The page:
A woman wearing a protective pollution mask rides a bicycle in Beijing, China, on March 20, 2017. Nicolas Asfouri—AFP/Getty Images

Rising air pollution levels in our cities that impact the health of people and planet are becoming impossible to ignore. So much so that China closed the last working coal power plant in Beijing this March, paving the way to a future of clean energy and air for its inhabitants.

This kind of radical change for cities must now become the norm, because by 2050 it is estimated that more than two-thirds of us will define ourselves as city dwellers.

Thousands of cities are already breaching their annual air pollution limits — often within days — and the oldest, the youngest and, more generally, the most vulnerable people are suffering at a disproportionate rate. In London, where I live, air pollutants are the reason scientists recently advised residents to use plastic covers over strollers when taking their children to school.

Across the Atlantic, the American Lung Association’s 2017 State of the Airreport found that 125 million Americans live with unhealthy levels of pollution, placing them at risk of premature death and other serious health effects, such as lung cancer, asthma attacks, cardiovascular damage, and developmental and reproductive harm. Meanwhile, in India, half of Delhi’s 4.4 million children are blighted by permanent lung damage that they will never fully recover from.

We therefore have a strong moral imperative to stop this madness and, thankfully, we also have all the tools and technologies we need to do it. These tools mean we can carry on with our daily lives without polluting our air, and therein lies our economic imperative to act: Investing in and fully adopting clean technologies is one of the biggest growth opportunities of our time.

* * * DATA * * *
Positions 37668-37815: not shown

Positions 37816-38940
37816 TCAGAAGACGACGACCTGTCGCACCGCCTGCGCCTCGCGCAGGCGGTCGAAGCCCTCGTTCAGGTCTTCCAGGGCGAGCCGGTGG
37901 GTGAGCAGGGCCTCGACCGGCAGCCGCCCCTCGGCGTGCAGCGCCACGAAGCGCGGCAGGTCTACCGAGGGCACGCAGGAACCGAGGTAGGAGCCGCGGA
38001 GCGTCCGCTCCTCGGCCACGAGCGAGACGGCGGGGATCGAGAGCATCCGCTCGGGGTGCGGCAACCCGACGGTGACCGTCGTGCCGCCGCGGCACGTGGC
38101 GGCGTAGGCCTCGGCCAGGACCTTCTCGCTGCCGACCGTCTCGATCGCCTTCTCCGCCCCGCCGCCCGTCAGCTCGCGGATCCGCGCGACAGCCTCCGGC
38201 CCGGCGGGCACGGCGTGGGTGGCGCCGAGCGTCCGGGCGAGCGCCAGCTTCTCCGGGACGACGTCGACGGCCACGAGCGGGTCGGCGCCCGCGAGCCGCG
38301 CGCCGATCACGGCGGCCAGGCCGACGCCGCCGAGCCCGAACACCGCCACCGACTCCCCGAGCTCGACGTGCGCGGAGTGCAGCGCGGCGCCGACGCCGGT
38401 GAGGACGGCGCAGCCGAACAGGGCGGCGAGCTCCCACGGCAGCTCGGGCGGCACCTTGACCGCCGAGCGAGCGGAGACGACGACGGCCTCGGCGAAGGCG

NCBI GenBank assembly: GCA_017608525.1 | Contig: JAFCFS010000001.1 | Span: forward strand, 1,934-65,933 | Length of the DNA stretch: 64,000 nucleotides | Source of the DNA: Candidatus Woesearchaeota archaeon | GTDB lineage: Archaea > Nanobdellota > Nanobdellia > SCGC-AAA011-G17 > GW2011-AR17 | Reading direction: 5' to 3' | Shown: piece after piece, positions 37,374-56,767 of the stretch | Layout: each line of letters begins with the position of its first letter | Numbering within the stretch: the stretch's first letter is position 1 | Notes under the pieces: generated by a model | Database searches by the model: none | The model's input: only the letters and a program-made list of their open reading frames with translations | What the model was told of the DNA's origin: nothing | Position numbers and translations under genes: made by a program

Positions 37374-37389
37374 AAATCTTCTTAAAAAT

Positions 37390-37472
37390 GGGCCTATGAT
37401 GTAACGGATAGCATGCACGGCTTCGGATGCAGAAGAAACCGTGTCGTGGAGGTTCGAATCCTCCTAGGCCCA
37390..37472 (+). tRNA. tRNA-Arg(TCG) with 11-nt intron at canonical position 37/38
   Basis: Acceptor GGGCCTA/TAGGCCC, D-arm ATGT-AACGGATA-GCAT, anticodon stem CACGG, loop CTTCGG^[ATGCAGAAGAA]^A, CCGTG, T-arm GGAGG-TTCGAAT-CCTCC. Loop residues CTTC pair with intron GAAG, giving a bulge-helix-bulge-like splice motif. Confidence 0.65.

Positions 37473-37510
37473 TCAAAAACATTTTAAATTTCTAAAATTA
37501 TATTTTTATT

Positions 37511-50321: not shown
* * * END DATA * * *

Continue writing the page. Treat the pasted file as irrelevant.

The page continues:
These technologies bring the added benefit of slowing climate-changing emissions, which are heating up the planet, causing further health risks to us all. A recent study from The International Renewable Energy Agency showed that efforts to slow climate change won’t just keep the planet habitable, they will boost the world economy by $19 trillion, generating millions of new jobs.

So let us be clear: There is a very strong link between the decarbonized, economic growth of our cities and global health. In 2015, The Lancet published a report highlighting the linkages between health and climate change, stating: “tackling climate change could be the greatest health opportunity of the 21st century.” This was in the same year that 800 hospitals, 1,700 health organizations and 13 million health professionals mobilized to call on governments to secure the historic climate agreement in Paris.

They did this because the health of our people and our climate are inextricably linked, and the next few years represent a game-changing opportunity to improve air quality in the near-term, saving millions of lives, while simultaneously improving the future prospects of everyone.

We have a timeframe for action — science has made it clear that to protect the promise of Paris, we must bend the curve of greenhouse gas emissions by 2020 so that they begin their steady decline. Bending the curve by then will give us the best chance of achieving the 2030 Sustainable Development Goals and ensuring we reach a fully decarbonized economy by 2050.

In pursuit of this 2020 milestone, it is clear that improving urban health will be one of the surest ways of accelerating the already powerful momentum towards a decarbonized economy. In particular, we need to work together to ensure that zero-emission transport is the preferred form of all new mobility in the world’s major metropolises by 2020 and, concurrently, that all cities, states and regions have established plans, policies and regulations with the aim to fully decarbonize infrastructure by 2050.

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